Is Boris Johnson the British right’s Richard Nixon, a politician who successfully reconfigured his party’s electoral base, allowing it to dominate politics for the next quarter-century? Or is he their Hillary Clinton, who came closer to winning Texas than any Democrat for 20 years – but also became the first Democrat in more than three decades to lose Wisconsin, thereby losing the presidential election to Donald Trump?
The answer, of course, is that we don’t know. We do know that, with its new Brexit approach, the Conservative Party has made a big bet that it will lose less to the Liberal Democrats and the SNP than it could gain from the Labour Party.
There is a big stretch of England and Wales that, demographically, “ought” to be more fertile hunting ground for the Tory party than it actually is: running from the north of Wales through Merseyside, Greater Manchester and Yorkshire are what would be close-fought marginals if they were in the south of England. But the problem the Conservatives face is a sort of cultural halitosis – a deeply ingrained belief held by many people in these parts of the country that the Tory party is not for them, and as such these are safe Labour seats.
We forget, because she did such a bad job of doing anything with the asset, that one of the reasons why May was, on paper, a good candidate for the Conservative Party is that she was both significantly less posh than David Cameron, and perceived as being such. The problem is that May was unable to use the foot in the door that that gave her to win over significant chunks of the Labour vote in these areas. Or at least she was unable to do so at a rate that made up for what she lost at the other end of the Tory party’s electoral coalition.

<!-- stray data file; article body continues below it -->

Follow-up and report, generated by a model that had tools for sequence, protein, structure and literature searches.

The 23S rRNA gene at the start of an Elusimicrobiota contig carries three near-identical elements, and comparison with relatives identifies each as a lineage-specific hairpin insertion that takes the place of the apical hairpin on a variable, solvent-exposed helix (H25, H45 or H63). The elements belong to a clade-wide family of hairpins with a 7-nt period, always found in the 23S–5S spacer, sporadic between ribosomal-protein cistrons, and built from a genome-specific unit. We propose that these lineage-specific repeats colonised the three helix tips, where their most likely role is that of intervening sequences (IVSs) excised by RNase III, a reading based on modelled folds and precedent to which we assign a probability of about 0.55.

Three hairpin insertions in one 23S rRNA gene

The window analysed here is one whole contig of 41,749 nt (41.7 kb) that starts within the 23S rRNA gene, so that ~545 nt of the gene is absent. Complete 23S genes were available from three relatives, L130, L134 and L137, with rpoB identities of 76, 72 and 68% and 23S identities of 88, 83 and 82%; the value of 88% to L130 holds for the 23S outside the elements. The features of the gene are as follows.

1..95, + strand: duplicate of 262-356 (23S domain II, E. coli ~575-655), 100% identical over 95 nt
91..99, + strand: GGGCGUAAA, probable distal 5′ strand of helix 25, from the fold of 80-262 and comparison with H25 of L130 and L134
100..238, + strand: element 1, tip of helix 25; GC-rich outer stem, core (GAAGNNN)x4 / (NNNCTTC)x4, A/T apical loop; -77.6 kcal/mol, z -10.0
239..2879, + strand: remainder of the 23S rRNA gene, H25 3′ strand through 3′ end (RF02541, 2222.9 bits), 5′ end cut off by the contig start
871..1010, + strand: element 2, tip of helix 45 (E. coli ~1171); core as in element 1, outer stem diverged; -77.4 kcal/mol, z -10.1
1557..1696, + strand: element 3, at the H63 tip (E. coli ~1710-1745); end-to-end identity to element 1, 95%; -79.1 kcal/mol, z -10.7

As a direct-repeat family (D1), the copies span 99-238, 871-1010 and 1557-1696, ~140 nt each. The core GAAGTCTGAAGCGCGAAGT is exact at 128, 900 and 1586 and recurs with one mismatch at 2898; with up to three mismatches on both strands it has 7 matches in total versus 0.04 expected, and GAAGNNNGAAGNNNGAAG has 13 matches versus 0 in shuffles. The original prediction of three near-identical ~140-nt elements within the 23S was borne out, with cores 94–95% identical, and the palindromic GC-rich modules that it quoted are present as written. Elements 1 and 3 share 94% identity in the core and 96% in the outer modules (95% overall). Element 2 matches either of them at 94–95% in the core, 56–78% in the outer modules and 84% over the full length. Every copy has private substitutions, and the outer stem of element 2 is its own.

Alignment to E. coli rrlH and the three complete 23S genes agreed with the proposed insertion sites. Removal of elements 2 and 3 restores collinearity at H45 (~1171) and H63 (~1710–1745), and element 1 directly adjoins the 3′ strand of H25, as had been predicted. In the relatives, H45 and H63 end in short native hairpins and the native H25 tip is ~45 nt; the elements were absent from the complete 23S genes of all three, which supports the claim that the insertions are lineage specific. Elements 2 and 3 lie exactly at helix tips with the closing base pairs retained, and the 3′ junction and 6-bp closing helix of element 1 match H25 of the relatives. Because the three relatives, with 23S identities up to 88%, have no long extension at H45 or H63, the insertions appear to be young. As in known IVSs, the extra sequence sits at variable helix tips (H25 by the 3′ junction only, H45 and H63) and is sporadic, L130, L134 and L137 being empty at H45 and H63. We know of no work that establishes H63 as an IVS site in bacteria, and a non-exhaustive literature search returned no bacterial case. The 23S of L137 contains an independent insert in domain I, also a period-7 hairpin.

In Johnson, the Conservative Party has a better campaigner and a political operator. His Downing Street operation is pumping out all the right messages – on crime, the NHS and Brexit – to be within a fighting chance of reversing that long-standing underperformance. But the flipside of that is that he is a candidate who, for reasons of biography and simply due to the sound of his voice, is less well-placed than May to make a breakthrough in the seats she failed to win.
So if the Johnson gamble blows up in his face at an election, it will be in part be because that cultural halitosis surrounding the Tory party and poshness meant that he was unable to make significant breakthroughs in the likes of Bishop Auckland while still losing seats to the Liberal Democrats in the likes of Cheltenham.
That’s why Jeremy Corbyn’s attack lines on Boris Johnson – wheeled out in his big speech today, which offered us a preview of Labour’s preferred approach to an autumn election – are worth watching. Corbyn is talking up Johnson’s membership of the elite and explicitly linking Johnson in with the Tory party and with wealth (of the nine mentions of Boris Johnson in Corbyn’s speech, all were paired with a reference to his Conservativeness and his poshness).
Will it work? The opportunity for the Tories is that voters tend to prioritise their referendum vote over the party political vote. But the source of comfort for Labour is that the Conservatives couldn’t make a breakthrough with a better-placed candidate and a worst campaign, and may find that they are similarly disappointed by a worse-positioned candidate fighting a better one.